STAND-TO! Edition: Monday, July 29, 2013


Today's Focus:

Credentialing

What is it?

Credentialing is the process of meeting certain professional and technical standards and earning industry recognition in the form of a credential - a civilian certification or government license. Using a career-long approach, U.S. Army Training and Doctrine Command has developed credentialing programs that are designed to both enhance Soldier skills and professionalism while serving, and increase their employability after the Army. Programs focus on first-term and mid-career Soldiers in the training base.

What has the Army done?

In support of the National Defense Authorization Act of 2012, TRADOC G-3/5/7's Training Integration Directorate began developing pilot programs with TRADOC schools. The Transportation School partnered with the Department of Transportation to help motor transport operators obtain commercial driver's licenses. The Ordnance School provides Automotive Service Excellence credentialing tests to Soldiers attending the Wheeled Vehicle Mechanic Advanced Leader and Warrant Officer Basic Courses. As part of the White House "We Can't Wait" initiative, the Ordnance School also registered 201 Soldiers for a credentialing program with the National Institute for Metalworking Skills. The Quartermaster School provided 330 Soldiers with the opportunity to test for Manufacturing Skills Standards Council certifications. The Joint Culinary Center of Excellence has a voluntary two-year apprenticeship program for food service specialists, initiated during advanced individual training and completed during the Soldier's follow-on assignment. The program is currently available at Forts Bragg, N.C., Fort Hood, Texas, Fort Campbell, Ky., Fort Drum, N.Y., and Fort Stewart, Ga. TRADOC's Signal Center of Excellence also has credentialing programs in place with Microsoft, Cisco and CompTIA for Signal Soldiers assigned to information assurance-coded positions throughout the Army.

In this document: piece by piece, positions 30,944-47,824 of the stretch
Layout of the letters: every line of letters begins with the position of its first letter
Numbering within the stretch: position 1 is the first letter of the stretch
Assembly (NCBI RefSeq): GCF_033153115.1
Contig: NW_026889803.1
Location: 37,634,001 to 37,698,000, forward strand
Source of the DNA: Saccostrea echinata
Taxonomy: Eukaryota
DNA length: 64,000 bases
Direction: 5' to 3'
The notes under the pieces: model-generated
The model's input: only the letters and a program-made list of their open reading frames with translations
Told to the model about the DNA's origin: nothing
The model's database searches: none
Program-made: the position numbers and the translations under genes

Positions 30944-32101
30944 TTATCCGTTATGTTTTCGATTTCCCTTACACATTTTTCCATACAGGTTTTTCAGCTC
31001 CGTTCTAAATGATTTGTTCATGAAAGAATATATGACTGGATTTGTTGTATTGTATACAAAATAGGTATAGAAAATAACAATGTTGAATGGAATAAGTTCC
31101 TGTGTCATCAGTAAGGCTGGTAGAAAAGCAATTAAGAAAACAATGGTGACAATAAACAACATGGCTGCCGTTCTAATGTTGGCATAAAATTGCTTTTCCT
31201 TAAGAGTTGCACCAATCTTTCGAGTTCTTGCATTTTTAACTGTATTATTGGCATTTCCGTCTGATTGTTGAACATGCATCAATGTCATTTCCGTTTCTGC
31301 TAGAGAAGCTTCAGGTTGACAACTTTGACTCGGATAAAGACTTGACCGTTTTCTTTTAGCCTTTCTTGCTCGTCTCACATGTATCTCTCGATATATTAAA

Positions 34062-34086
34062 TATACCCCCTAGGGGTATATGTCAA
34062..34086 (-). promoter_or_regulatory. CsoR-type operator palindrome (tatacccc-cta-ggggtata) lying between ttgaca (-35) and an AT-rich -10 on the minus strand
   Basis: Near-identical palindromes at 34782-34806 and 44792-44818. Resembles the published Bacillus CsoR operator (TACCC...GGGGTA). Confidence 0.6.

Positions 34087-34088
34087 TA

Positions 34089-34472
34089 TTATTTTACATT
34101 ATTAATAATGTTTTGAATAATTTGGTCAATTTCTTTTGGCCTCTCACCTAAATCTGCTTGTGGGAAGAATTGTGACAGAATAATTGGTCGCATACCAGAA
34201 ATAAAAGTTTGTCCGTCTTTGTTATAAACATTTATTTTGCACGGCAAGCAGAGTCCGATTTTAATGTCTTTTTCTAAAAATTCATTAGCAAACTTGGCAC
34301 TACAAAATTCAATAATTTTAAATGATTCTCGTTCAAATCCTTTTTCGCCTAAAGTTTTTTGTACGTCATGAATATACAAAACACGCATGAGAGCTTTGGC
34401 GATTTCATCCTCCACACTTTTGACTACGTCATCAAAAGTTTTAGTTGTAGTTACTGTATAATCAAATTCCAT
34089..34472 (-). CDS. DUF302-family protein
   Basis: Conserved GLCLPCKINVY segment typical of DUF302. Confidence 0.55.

What continued efforts does the Army have in the future?

The Army will continue to work with civilian credentialing agencies to identify and expand additional opportunities for Soldiers in other military occupational specialties. In the future, Soldiers will be introduced to credentialing opportunities when they enlist at the Military Entry Processing Station. These opportunities will be reinforced at their first duty station, throughout their career and during their separation from the military prior to transitioning into the civilian sector.

In addition to the Army's current credentialing programs, Soldiers can research individual credentialing opportunities in their specialty on the Credentialing Opportunity On-Line website or by accessing the Army Career Tracker.

Why is this important to the Army?

The Army is moving toward a more holistic approach in taking care of Soldiers, from enlistment through separation. TRADOC's credentialing initiatives support this approach by enhancing Soldier skills and professionalism while serving, and increasing their employability after the Army.

Resources:

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Quote for the Day

I am proud and humbled by the past and present selfless service of American, Korean, and our partner nations' service members and civilians and their contribution to the stability and prosperity of the Republic of Korea. The Republic of Korea has done a spectacular job of making the most of the opportunities that the last 60 years of stability have offered.

- Gen. James D. Thurman, commander of United Nations Command, Combined Forces Command and U.S. Forces Korea, during a ceremony at Yongsan Garrison, South Korea, welcoming Korean War veterans and marking the 60th anniversary of the signing of the armistice that ended hostilities

Veterans return to Korea for armistice anniversary

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